7. Configure the httpd-ssl.conf.
    # ee /usr/local/etc/apache22/extra/httpd-ssl.conf

    I only change the two lines to point to the correct certificate. Here is an sample httpd-ssl.conf without the comments.

    Listen 443
    AddType application/x-x509-ca-cert .crt
    AddType application/x-pkcs7-crl    .crl
    SSLPassPhraseDialog  builtin
    SSLSessionCache        "shmcb:/var/run/ssl_scache(512000)"
    SSLSessionCacheTimeout  300
    SSLMutex  "file:/var/run/ssl_mutex"
    <VirtualHost _default_:443>
      DocumentRoot "/usr/local/www/apache22/data"
      ErrorLog "/var/log/httpd-error.log"
      TransferLog "/var/log/httpd-access.log"
      SSLEngine on
      SSLCertificateFile "/usr/local/etc/apache22/ssl.crt/server.crt"
      SSLCertificateKeyFile "/usr/local/etc/apache22/ssl.key/server.key"
      <FilesMatch "\.(cgi|shtml|phtml|php)$">
        SSLOptions +StdEnvVars
      <Directory "/usr/local/www/apache22/cgi-bin">
        SSLOptions +StdEnvVars
      BrowserMatch ".*MSIE.*" \
             nokeepalive ssl-unclean-shutdown \
             downgrade-1.0 force-response-1.0
      CustomLog "/var/log/httpd-ssl_request.log" \
              "%t %h %{SSL_PROTOCOL}x %{SSL_CIPHER}x \"%r\" %b"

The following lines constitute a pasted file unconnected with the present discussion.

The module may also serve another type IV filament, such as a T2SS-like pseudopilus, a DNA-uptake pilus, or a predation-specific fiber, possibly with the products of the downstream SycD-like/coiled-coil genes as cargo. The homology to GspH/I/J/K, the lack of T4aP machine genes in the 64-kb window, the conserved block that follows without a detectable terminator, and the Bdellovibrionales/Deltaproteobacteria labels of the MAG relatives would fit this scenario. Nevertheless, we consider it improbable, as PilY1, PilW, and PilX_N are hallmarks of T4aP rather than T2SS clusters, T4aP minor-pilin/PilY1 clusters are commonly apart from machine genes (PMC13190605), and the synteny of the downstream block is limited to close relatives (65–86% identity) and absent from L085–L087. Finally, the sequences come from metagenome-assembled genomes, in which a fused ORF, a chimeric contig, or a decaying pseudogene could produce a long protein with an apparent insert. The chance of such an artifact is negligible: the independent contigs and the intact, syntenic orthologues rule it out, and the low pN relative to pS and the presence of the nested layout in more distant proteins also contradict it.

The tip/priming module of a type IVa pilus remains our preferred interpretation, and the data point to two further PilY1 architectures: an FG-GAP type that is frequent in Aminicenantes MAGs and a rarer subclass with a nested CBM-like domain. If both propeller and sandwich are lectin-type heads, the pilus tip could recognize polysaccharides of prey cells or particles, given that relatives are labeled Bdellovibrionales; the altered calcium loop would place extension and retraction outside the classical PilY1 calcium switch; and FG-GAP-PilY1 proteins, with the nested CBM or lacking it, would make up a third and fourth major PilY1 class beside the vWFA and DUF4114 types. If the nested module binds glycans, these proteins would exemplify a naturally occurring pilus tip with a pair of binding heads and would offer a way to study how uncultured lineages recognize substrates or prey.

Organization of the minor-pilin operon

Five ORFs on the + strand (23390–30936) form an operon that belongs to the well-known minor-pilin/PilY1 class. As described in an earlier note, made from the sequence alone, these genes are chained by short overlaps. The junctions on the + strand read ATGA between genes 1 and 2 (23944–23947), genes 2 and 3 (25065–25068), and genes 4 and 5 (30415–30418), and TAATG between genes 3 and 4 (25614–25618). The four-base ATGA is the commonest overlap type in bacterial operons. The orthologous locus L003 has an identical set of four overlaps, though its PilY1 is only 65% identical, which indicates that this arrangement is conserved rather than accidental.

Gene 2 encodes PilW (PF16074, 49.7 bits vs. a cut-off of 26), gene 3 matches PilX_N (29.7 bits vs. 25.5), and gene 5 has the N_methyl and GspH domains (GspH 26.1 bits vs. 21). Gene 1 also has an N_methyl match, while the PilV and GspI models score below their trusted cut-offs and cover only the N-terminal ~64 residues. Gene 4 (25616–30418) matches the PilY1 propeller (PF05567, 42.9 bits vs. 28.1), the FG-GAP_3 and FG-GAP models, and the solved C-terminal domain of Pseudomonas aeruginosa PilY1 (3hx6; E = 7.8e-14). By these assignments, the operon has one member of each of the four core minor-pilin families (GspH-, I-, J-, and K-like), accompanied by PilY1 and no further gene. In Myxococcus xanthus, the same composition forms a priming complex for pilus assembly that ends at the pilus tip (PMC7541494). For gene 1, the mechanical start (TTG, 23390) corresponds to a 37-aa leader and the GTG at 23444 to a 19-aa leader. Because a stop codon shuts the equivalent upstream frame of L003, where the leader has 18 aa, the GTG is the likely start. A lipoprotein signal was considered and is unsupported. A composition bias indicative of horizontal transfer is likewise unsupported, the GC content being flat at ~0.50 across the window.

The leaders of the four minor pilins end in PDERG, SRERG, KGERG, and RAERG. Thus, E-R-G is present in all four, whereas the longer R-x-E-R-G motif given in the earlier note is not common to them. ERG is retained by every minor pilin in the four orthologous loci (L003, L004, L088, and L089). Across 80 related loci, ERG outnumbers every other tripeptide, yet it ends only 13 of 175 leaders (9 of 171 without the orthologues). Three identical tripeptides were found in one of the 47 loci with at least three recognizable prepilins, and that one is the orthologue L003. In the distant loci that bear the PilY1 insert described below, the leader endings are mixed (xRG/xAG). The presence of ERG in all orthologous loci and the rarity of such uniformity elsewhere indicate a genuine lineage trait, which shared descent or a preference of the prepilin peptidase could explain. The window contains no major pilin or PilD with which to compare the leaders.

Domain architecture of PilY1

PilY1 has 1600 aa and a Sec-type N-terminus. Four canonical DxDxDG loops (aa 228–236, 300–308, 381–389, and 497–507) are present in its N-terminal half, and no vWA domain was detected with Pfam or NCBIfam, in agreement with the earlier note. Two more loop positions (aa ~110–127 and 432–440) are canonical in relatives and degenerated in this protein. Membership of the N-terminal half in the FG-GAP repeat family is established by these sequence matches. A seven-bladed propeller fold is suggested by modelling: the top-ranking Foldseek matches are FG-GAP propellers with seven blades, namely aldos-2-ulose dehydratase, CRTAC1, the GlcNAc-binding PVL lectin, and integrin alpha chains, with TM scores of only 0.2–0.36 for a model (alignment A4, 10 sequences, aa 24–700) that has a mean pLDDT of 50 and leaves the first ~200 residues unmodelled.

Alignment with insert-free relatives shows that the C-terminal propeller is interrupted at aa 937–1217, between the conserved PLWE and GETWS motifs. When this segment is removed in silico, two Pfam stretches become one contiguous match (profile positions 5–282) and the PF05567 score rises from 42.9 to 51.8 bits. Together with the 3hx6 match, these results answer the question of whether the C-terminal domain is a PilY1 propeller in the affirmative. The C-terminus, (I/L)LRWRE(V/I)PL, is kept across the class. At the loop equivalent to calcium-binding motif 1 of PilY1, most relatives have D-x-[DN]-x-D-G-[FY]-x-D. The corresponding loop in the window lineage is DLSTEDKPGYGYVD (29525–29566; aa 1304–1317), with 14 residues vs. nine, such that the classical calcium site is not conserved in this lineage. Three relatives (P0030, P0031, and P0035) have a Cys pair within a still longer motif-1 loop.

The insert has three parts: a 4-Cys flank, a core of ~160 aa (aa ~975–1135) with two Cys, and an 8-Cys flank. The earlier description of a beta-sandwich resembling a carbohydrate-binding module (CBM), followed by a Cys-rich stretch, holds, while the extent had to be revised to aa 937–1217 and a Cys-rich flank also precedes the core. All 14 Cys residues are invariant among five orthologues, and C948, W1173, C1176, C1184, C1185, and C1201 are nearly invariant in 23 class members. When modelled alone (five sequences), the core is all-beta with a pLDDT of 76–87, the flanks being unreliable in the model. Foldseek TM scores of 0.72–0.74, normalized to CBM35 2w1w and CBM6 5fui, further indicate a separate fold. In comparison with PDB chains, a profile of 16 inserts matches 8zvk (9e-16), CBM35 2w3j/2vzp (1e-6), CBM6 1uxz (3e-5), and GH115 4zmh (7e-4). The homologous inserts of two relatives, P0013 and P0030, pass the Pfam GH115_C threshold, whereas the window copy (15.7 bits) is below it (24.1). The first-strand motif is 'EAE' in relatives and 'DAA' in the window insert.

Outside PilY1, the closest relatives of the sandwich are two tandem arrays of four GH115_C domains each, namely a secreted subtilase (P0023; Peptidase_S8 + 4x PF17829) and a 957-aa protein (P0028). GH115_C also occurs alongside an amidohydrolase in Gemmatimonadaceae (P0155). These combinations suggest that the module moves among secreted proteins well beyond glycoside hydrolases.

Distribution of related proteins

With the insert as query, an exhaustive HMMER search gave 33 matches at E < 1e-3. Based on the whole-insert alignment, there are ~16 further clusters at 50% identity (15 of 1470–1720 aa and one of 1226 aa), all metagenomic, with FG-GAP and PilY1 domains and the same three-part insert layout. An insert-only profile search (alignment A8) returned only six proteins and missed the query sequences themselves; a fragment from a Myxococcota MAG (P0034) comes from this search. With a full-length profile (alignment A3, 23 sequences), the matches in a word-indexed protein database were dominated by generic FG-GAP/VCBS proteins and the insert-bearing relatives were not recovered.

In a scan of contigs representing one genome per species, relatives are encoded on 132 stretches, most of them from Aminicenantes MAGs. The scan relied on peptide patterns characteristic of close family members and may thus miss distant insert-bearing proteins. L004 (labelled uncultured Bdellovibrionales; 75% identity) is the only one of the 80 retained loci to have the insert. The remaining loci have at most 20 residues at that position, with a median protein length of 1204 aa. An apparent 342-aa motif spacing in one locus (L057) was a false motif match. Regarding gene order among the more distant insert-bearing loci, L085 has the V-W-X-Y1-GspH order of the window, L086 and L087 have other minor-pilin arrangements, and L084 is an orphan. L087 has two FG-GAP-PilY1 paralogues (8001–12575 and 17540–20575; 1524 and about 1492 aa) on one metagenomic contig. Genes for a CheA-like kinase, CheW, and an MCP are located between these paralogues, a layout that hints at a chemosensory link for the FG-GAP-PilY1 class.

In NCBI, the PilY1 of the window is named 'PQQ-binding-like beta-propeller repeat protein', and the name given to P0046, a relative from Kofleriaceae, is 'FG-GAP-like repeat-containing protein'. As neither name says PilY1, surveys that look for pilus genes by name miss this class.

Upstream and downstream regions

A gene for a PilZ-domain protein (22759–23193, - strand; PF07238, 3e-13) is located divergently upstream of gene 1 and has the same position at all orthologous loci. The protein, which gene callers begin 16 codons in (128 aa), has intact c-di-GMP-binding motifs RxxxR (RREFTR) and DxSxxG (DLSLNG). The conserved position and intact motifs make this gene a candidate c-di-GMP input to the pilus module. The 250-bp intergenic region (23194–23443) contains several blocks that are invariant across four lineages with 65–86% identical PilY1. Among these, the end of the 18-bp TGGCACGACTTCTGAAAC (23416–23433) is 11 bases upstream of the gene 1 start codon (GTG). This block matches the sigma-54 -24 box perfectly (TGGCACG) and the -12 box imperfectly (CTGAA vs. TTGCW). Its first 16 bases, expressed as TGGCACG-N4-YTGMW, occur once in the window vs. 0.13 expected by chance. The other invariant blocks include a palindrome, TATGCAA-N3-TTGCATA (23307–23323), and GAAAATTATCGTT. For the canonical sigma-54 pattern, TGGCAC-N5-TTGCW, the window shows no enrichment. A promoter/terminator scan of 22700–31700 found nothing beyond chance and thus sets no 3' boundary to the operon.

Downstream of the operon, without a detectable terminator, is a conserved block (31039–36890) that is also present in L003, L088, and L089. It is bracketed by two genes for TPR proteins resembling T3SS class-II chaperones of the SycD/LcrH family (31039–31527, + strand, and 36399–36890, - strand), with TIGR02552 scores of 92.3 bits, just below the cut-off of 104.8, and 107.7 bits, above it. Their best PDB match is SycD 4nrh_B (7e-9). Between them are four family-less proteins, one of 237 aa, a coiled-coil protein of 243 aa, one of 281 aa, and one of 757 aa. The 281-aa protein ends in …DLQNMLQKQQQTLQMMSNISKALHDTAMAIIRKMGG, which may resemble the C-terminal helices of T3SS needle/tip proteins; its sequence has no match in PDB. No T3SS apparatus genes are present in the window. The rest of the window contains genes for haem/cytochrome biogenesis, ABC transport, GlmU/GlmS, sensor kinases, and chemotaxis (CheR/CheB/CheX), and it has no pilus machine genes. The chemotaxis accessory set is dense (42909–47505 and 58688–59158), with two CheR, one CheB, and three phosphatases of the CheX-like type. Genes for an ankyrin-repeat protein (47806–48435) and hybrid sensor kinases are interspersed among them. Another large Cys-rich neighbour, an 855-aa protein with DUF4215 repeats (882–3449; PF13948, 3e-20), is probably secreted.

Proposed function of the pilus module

8. Now start or restart Apache.
    # /usr/local/etc/rc.d/apache22 start

Now just open a browser (on another system of course) and connect to your new FreeBSD installed web server. You can connect using name, fqdn, or IP and see which work.

  • http://servername

You can also try to connect with SSL.

  • https://servername

Common Errors

  1. Performing sanity check on apache22 configuration:
    httpd: apr_sockaddr_info_get() failed for F9
    httpd: Could not reliably determine the server's fully qualified domain name, using for ServerName
    Syntax OK
    Starting apache22.
    httpd: apr_sockaddr_info_get() failed for F9
    httpd: Could not reliably determine the server's fully qualified domain name, using for ServerName
    /usr/local/etc/rc.d/apache22: WARNING: failed to start apache22

    If you get this error, you need to update your /etc/hosts file and make sure the system’s hostname there.

    ::1                     localhost YourServerNameHere               localhost YourServerNameHere

Install other software

It is now very common to install a database server and a scripting language, such as MySQL and PHP. I have separate documents for each install:

How to install MySQL FreeBSD?

How to install PHP5 and PHP5 Extensions on FreeBSD?

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  5. Hi,

    I would like to add, that the point under “Common Errors” is actually just a “Warning”. Apache runs nevertheless, if you have right domain name pointing to the IP or not.

    Anyways, good article.


  6. It is useful to try everything in practice anyway and I like that here it’s always possible to find something new. đŸ™‚

    • Yes, I have tested it and it is in production at my work for an internal site for my support team. We are running dotProject and a few other sites off it. I’ll be honest this was the first time I went with SHA-256 over MD5, but it is working well.